Accreditation: Frequently Asked Questions
What Is College Accreditation?
Accreditation is a voluntary, independent review of
educational programs to determine that the education
provided is of uniform and sound quality. Being awarded
accreditation ensures that an institution has been evaluated
and that it met set standards of quality determined
by the accrediting organization granting the accreditation.
A college or university's accreditation is maintained
by continued adherence to the set criteria.
Why is College Accreditation Important? What
Type of Accreditation Should I Look For?
There are several reasons accreditation is important
besides ensurance of quality and adherence to academic
standards. Accreditation determines a school's eligibility
for participation in federal (Title IV) and state financial
aid programs, as well as eligibility for employer tuition assistance. Proper accreditation is integral
for the acceptance and transfer of college credit, and
is a prerequisite for many graduate programs. In addition, degrees attained from a school without regional accreditation may not be as accepted for professions that require licensure, the most popular listed below:
- Accounting (CPA)
- Veterinary Medicine
The most recognized and accepted type of accreditation
in the United States is regional accreditation.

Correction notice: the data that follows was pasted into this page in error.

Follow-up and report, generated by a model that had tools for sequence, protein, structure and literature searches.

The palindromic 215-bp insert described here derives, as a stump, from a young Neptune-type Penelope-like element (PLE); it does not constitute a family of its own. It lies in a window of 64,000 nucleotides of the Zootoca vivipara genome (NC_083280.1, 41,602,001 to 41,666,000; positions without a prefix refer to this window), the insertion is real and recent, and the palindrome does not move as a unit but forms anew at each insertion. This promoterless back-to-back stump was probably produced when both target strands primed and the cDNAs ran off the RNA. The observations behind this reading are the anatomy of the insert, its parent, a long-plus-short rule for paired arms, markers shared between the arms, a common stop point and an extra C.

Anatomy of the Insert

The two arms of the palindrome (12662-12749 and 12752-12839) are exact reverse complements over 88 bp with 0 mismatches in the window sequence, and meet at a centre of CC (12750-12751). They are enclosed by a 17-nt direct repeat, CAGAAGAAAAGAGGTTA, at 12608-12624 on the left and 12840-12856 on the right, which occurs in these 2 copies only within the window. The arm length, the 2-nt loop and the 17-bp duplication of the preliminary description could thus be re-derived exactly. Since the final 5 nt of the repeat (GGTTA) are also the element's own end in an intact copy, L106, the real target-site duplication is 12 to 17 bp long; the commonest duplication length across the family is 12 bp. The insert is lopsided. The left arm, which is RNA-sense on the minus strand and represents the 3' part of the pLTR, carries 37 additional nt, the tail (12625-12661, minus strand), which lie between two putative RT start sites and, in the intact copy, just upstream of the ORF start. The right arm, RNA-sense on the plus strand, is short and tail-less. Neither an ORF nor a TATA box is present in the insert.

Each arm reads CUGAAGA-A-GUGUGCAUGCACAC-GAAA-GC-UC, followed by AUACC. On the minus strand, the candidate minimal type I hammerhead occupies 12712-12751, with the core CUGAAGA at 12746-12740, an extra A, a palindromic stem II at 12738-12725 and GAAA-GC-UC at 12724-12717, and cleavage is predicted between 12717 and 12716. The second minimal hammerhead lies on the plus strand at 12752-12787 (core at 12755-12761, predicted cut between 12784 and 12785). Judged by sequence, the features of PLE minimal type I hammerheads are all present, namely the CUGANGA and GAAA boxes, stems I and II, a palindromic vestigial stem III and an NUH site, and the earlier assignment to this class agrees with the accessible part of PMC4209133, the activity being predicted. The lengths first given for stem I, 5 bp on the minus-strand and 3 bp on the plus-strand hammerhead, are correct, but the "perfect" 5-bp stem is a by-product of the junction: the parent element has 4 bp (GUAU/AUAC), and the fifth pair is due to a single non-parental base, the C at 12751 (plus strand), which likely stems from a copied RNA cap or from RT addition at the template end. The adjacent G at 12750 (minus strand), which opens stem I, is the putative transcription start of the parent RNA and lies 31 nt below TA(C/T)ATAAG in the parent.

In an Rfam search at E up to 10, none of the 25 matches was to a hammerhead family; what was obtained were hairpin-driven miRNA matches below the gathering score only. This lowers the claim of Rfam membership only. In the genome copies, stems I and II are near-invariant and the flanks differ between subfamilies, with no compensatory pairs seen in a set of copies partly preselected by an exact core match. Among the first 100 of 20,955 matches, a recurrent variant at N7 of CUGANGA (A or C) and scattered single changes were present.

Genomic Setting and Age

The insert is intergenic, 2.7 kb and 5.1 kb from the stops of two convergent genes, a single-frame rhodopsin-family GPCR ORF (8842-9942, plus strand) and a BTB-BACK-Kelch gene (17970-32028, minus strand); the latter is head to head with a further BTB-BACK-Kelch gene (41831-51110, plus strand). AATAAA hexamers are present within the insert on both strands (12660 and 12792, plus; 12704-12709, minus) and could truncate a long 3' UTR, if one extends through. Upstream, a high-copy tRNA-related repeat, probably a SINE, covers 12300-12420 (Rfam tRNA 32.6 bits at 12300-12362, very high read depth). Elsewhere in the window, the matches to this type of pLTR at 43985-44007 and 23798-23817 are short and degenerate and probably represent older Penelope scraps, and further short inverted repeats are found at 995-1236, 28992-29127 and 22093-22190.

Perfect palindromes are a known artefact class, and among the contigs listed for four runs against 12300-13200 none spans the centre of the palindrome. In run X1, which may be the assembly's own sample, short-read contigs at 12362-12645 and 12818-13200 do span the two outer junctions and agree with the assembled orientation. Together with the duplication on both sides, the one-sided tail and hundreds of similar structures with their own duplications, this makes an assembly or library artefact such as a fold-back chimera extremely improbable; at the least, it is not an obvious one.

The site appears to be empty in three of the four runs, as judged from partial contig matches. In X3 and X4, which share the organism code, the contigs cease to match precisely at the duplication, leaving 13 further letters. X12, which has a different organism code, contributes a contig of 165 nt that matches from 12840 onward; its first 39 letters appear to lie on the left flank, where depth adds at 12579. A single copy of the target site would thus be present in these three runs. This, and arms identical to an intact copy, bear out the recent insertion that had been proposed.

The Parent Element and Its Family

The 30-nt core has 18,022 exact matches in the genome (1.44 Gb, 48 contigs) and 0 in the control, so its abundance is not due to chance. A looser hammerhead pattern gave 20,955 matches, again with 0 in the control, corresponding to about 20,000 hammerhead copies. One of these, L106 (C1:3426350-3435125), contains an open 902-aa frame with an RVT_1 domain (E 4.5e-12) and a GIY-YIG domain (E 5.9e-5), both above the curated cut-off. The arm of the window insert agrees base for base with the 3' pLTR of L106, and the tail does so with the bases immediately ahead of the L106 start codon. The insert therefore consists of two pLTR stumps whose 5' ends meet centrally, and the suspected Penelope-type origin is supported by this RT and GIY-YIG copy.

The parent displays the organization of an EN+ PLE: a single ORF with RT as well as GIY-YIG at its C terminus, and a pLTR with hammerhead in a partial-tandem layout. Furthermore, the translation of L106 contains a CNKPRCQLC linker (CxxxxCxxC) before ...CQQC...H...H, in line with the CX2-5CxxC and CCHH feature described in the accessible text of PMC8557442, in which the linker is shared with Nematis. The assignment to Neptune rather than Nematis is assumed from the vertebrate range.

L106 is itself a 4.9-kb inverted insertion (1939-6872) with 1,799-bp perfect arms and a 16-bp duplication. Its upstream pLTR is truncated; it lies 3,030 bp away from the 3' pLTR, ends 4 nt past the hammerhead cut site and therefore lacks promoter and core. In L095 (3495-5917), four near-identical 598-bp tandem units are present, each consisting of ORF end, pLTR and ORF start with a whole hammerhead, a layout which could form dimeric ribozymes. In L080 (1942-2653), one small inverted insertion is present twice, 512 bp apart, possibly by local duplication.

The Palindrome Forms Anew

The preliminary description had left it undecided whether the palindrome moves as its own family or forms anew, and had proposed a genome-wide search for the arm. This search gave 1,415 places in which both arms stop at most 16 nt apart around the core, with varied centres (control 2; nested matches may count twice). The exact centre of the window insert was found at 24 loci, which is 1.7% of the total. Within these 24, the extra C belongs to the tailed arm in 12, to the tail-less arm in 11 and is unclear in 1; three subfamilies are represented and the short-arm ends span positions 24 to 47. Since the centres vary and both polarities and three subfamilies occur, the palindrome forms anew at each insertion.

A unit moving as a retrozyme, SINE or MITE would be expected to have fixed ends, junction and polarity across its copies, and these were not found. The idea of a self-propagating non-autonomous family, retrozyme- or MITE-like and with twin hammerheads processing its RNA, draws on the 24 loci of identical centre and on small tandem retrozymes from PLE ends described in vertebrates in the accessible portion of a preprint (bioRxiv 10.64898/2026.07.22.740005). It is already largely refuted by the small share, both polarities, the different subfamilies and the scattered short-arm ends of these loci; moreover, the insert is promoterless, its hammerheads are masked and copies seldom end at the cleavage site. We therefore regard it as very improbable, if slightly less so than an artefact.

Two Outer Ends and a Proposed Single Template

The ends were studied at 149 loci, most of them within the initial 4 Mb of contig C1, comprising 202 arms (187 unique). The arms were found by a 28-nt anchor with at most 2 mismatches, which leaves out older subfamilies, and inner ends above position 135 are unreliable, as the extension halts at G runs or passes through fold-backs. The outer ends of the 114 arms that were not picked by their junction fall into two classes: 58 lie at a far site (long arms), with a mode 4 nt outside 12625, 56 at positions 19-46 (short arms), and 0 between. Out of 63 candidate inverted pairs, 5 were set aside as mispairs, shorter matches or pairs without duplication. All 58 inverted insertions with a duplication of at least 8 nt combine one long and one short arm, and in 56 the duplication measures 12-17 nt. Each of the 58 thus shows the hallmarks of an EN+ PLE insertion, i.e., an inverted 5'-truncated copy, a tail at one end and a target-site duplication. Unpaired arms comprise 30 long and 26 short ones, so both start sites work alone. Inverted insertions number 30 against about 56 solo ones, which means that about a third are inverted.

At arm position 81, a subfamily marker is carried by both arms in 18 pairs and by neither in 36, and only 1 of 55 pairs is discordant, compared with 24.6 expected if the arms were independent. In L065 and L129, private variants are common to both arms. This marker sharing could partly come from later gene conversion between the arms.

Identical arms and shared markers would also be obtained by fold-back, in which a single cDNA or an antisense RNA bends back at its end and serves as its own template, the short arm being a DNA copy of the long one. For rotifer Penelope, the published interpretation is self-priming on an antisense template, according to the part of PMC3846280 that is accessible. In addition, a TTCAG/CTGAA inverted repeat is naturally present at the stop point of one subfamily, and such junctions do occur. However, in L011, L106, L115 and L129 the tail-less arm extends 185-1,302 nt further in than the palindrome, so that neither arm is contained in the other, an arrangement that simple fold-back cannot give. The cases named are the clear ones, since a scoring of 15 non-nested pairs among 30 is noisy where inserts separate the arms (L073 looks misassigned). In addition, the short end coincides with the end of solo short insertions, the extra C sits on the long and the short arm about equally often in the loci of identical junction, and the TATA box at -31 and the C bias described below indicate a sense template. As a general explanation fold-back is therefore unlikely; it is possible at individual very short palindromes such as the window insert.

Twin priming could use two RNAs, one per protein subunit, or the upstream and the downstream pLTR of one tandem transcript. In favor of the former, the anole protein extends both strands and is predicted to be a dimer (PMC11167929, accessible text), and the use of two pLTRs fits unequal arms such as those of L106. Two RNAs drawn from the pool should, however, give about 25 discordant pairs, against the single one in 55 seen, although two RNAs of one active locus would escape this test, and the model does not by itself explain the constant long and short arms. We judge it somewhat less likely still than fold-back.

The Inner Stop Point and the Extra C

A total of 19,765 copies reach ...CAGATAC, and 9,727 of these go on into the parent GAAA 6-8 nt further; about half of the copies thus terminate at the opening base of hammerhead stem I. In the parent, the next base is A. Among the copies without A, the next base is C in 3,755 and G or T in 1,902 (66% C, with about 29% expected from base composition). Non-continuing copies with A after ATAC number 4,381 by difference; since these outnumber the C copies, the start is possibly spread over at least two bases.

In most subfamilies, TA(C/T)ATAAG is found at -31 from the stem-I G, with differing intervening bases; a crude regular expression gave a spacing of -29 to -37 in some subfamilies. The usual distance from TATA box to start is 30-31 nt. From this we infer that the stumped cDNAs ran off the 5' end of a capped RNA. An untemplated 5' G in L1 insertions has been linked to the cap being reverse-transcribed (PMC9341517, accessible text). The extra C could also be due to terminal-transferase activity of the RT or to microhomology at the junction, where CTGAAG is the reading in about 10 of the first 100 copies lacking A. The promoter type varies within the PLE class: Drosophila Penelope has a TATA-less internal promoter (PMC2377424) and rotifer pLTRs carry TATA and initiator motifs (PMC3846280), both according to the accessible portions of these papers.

Generally, college credits or degrees received at a
regionally accredited institution are accepted by other
regionally accredited colleges or universities (non-regionally
accredited programs are not as accepted). However, this
acceptance is not guaranteed; it remains with each institution
to establish its own policies based on the determination
that the credits accepted meet educational objectives
comparable to their own programs.
What Are the Regional Accreditation Agencies?
There are six geographic regions of the United States
with an agency that accredits college and university
higher education programs:
The Middle States
Association of Colleges and Schools.
Accreditation of colleges in the middle states region
(Delaware, District of Columbia, Maryland, New Jersey,
New York, Pennsylvania, Puerto Rico).
The New England Association
of Schools & Colleges.
Accreditation of colleges in the New England region
(Connecticut, Maine, Massachusetts, New Hampshire, Rhode
The North Central Association of Colleges and Schools.
Accreditation of colleges in the north central region
(Arkansas, Arizona, Colorado, Iowa, Illinois, Indiana,
Kansas, Michigan, Minnesota, Missouri, North Dakota,
Nebraska, Ohio, Oklahoma, New Mexico, South Dakota,
Wisconsin, West Virginia, Wyoming).
The Northwest Association
Of Schools And Colleges.
Accreditation of colleges in the north west region (Alaska,
Idaho, Utah, Montana, Nevada, Oregon, and Washington.)
The Southern Association
of Colleges and Schools.
Accreditation of colleges in the southern region (Alabama
, Florida , Georgia , Kentucky , Louisiana , Mississippi
, North Carolina , South Carolina , Tennessee , Texas
The Western Association
of Schools and Colleges.
Accreditation of colleges in the western region.
It is often difficult to find a school's accreditation
when visiting their Web site or viewing their catalog
or other information. You can find out if the
college or university you are interested in is regionally
accredited by visiting the regional accrediting
board Web site for their area (above) and looking up
the institution name.